Burundi rolls out 20 frontline field epidemiologists as second cohort graduates

Twenty residents in the second cohort of the frontline tier of the Burundi Field Epidemiology Training Program (FETP) graduated on October 26, 2022, following three months of training.

This now brings to 38, the number of healthcare workers who have gone through the training program since its inception in February 2022. These include 13 females and 25 males.

Among the graduating cohort of 20 were 11 medical chiefs of health, two from Animal health, a District health information officer, a National health information officer, a National Nutrition officer, a Reproductive Health Officer, two Laboratory technicians from the national laboratory, and one M&E officer from National Malaria Program.

According to the Resident Advisor, Dr. Munekayi Padingani, “the graduates are now able to analyze surveillance data, produce weekly disease surveillance reports and conduct investigation of a case and an outbreak.”

Burundi FETP Director, Prof Joseph Nyandwi attributed the marked improvement in the completeness and the timeliness of surveillance data in DHIS2 due to the implementation of the FETP program in the country, especially in districts where cadres have been trained. “The program played a big role in the introduction of diarrhea threshold in diseases surveillance system of the country.”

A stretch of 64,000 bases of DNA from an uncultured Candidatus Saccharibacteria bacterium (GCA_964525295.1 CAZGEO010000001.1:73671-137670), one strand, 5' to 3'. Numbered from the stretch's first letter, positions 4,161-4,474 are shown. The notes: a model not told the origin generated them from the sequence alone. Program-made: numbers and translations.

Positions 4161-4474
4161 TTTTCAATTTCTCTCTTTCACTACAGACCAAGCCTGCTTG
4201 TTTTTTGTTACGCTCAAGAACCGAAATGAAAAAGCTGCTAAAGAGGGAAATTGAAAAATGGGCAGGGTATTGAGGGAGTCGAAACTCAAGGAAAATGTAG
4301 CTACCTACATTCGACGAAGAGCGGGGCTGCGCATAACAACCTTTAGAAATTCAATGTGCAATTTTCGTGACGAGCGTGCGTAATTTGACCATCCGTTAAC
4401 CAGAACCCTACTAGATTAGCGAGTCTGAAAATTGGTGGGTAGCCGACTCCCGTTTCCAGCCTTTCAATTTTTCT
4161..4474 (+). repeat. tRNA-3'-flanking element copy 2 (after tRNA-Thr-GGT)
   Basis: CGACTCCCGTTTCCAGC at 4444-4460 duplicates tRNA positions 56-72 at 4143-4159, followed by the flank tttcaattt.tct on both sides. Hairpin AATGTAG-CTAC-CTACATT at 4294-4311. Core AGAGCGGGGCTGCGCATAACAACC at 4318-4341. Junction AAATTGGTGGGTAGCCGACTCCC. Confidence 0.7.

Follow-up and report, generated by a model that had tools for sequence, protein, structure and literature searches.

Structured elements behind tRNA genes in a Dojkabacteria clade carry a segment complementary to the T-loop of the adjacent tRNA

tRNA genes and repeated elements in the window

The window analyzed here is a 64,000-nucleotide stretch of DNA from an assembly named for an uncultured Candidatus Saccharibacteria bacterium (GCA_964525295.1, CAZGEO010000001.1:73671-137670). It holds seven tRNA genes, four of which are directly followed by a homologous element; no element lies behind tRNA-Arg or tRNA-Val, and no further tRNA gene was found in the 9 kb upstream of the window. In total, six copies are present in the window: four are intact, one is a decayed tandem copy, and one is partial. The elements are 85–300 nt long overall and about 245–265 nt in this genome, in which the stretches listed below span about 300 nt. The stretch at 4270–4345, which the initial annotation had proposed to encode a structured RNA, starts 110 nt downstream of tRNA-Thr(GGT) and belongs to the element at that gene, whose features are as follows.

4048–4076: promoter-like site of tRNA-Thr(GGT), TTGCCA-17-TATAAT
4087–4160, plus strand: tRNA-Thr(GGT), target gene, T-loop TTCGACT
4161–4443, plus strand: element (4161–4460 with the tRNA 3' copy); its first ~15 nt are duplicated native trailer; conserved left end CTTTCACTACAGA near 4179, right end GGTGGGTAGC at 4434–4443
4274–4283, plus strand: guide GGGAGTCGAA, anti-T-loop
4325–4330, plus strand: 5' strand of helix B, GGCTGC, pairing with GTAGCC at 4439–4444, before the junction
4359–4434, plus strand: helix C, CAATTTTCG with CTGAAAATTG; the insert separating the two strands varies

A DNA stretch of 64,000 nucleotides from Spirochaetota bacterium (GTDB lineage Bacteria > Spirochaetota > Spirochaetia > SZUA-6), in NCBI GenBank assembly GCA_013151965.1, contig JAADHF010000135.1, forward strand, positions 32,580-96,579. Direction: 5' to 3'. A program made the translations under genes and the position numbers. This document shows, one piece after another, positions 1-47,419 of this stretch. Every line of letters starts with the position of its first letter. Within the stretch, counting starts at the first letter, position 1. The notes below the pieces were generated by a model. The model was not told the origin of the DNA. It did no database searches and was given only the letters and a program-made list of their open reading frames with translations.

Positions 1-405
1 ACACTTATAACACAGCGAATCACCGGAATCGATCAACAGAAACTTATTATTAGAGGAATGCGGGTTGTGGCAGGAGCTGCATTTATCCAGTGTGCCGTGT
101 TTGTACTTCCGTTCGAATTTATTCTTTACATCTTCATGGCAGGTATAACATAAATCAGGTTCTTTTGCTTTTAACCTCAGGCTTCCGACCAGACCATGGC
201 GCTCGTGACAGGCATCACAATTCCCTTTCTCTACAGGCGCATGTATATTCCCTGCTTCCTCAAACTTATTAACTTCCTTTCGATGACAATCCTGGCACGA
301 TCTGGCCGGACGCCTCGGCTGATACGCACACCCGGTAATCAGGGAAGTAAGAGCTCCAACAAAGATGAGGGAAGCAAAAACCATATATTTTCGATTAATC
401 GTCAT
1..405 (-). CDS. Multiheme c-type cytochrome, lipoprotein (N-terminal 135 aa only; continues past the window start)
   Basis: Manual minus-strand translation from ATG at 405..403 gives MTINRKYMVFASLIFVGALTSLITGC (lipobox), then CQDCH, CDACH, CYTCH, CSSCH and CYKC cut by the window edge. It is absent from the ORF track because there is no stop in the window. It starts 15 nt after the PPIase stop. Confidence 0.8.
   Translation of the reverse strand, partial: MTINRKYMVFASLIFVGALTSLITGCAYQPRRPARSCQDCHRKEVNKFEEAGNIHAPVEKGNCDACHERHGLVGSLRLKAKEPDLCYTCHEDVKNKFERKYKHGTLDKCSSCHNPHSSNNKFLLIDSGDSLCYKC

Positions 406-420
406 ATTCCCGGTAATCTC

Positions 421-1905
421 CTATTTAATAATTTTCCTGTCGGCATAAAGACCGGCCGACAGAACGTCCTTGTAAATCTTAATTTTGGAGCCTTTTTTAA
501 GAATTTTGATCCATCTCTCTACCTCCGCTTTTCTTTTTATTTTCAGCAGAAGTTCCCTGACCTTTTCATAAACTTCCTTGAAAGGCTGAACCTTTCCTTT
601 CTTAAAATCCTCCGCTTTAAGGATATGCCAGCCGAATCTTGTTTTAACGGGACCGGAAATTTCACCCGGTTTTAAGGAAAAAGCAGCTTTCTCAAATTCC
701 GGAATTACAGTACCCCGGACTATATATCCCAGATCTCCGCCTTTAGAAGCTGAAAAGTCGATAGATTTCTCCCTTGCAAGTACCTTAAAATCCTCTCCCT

Officiating at the ceremony, the Deputy Minister of Public Health and the fight against HIV/AIDS, Dr. Isidore Ntiharirizwa noted that the mission of the ministry cannot be realized without the necessary resources for this purpose.

“Everyone knows that the Covid-19 pandemic has shocked all health systems worldwide. This had a negative impact on the organization of response and surveillance activities due to the lack of human resources, especially staff trained and qualified in field epidemiology,” said Dr. Ntiharirizwa. “For this, the strengthening of national public health capacities through training contributes to improving the state of preparedness and response at the national, regional, and international levels to detect, verify, study and control epidemics likely to spread internationally.”

The African Field Epidemiology Network’s Central African Region and Indian Ocean Regional Technical Coordinator, Dr. Nzanzu Magazani Alain, appreciated and lauded the Burundi Government and the US CDC for supporting the program, as well as FETP-Burundi team for the successful implementation of the program.

Said Dr. Magazani: “It is necessary to continue investing in continuous quality improvement. I have no doubt that in our great partnership, we will continue to direct our efforts towards continuous quality improvement and sustainability.”

Dr. Peter Thomas from the US CDC emphasized the importance of sustainability and called for different partners to invest in the program.

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